Sunday, December 28, 2008

An elections administration department in Harris County?

Liz Peterson has a good update here on the continuing saga of difficult democracy at the ballot box in the nation's third-largest county:

The departure of Tax Assessor-Collector Paul Bettencourt has opened the door for some discussion of whether his successor should inherit the job of maintaining Harris County's voter rolls, a duty assigned to that office in the days of Jim Crow poll taxes.

State law allows Commissioners Court to assign that responsibility to the county clerk, who already conducts elections and counts the votes, as long as the county clerk and the tax assessor-collector sign off on the plan. The court also can create an independent elections administration office to handle all election-related duties.

Seventy-three of Texas' 254 counties have established separate elections offices, including every large, urban county but Harris and Travis. Nineteen other counties have assigned the voter registration role to the county clerk.

Earlier this month, Republican precinct chairman Jim Harding proposed moving the rolls to the County Clerk's Office, saying that would "streamline all of the voter activity from initial registration to final certification of an election under county clerk leadership."

Republican County Judge Ed Emmett and Democratic Commissioners Sylvia Garcia and El Franco Lee have said the idea of moving the rolls is worth discussing, though little consensus has emerged over how that should be done.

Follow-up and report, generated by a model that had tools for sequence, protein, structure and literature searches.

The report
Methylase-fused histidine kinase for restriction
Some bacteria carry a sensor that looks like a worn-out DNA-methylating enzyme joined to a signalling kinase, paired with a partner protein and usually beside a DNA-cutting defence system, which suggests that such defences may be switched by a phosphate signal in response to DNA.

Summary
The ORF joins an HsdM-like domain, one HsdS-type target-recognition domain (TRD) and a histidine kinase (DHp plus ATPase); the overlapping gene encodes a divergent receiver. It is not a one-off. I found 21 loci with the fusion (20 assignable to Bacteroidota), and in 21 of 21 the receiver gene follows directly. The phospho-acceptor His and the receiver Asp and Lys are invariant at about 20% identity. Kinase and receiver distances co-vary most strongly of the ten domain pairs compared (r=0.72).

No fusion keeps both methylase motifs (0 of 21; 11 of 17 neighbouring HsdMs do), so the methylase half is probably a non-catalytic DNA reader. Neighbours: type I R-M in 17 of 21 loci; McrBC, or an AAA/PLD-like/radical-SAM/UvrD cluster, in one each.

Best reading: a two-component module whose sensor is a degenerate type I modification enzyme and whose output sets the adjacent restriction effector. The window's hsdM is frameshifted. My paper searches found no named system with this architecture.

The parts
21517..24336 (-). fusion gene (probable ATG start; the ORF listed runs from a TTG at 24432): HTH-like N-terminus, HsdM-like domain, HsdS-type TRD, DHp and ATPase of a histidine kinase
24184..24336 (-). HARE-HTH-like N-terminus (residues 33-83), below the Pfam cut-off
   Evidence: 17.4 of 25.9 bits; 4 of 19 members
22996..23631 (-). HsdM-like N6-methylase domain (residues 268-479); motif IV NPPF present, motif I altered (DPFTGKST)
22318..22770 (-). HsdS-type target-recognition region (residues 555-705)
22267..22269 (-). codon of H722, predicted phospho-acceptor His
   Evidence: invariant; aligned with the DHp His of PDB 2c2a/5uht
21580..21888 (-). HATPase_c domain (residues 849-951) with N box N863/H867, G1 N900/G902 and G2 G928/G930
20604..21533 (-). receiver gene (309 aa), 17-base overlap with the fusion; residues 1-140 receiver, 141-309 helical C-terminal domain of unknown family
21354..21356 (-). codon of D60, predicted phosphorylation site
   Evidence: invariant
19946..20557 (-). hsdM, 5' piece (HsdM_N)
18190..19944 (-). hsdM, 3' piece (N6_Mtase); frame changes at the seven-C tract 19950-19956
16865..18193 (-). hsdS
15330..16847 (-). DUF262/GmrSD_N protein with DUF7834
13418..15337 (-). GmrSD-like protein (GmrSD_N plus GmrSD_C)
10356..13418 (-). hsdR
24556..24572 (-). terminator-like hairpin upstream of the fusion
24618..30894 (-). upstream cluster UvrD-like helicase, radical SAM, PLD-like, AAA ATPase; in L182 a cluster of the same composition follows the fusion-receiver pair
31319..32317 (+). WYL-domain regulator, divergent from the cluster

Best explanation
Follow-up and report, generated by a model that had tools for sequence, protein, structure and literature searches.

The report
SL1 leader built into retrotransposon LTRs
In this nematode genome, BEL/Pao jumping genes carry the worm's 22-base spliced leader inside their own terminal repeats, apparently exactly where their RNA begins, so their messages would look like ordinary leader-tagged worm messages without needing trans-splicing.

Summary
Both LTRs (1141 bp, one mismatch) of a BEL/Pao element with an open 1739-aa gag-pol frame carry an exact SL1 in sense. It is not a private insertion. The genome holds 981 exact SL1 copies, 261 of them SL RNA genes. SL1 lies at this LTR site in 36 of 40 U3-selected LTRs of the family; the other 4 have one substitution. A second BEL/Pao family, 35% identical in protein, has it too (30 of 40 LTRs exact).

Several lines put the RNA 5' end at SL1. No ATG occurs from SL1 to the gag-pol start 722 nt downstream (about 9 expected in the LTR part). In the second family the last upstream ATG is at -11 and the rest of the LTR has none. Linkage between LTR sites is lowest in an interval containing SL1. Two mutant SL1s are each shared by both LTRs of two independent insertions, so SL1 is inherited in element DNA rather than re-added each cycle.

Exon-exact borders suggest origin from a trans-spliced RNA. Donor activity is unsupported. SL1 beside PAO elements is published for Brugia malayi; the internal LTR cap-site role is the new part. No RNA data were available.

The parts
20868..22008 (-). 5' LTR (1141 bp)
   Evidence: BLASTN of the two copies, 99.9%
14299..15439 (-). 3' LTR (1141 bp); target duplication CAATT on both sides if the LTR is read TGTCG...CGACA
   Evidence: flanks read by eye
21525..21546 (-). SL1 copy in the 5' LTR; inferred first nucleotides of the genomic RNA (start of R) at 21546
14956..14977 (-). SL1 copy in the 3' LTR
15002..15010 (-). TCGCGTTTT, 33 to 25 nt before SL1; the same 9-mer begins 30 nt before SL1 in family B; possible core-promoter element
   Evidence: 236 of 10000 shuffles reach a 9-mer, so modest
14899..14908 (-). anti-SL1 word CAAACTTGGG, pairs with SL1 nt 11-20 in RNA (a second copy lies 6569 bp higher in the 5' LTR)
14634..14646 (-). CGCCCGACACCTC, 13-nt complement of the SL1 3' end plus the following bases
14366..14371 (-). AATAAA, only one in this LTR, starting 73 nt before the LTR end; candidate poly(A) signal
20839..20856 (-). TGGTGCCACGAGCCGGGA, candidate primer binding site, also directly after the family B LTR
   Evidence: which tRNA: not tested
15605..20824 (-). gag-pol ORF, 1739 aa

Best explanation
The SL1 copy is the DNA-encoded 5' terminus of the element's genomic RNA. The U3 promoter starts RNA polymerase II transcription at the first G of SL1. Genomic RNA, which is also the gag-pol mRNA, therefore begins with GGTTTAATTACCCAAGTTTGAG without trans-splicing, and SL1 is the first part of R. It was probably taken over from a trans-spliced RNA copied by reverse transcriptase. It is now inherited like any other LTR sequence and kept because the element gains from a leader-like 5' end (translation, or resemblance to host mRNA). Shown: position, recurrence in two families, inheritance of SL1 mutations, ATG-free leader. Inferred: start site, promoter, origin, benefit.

Emmett said he would be open to shifting those duties to the county clerk but opposed the creation of a new elections administration office. Garcia said she prefers the idea of an elections administrator because that person would be prohibited by law from making political contributions or endorsing candidates or ballot measures. Lee said he is not sure either change would do enough to make the voter registration process more transparent and user-friendly.

So Commissioner Garcia -- who abandoned her support of Diane Trautman for tax assessor/collector and voted for Leo Vasquez last week -- and Commissioner Lee are for the idea; Judge Emmett is lukewarm, and most of the rest of the parties involved are against it: Clerk Kaufman, TA/C Vasquez, and Commissioner Radack ...

For her part, Republican County Clerk Beverly Kaufman said she is not interested in adding voter registration to her many responsibilities. And newly appointed Tax Assessor-Collector Leo Vasquez said he believes the current system is very efficient.

"Why create yet another organization, another layer of bureaucracy in Harris County government?" Vasquez said of the elections administrator idea. "It just doesn't make sense."

The idea could also face significant opposition from Republican Commissioner Steve Radack, who said he would not vote for an elections administrator under any circumstance. He said the the current system offers checks and balances while allowing voters to judge whether the tax assessor-collector and the county clerk are doing a good job.

"I think that's good and healthy for the electoral process," he said.

An elections administrator would be appointed by a county elections commission composed of the county judge, the tax assessor-collector, the county clerk and the chairmen of both political parties.

Firing the administrator would take a four-fifths vote of the county elections commission and a majority vote of Commissioners Court.

Oh yeah, there's Federal-Indictment-Any-Day-Now Eversole:

Republican Commissioner Jerry Eversole declined to comment, saying he would make his opinion known if the topic came up during a court meeting.

Don't expect to see anything come of this entirely worthwhile proposal.

No comments: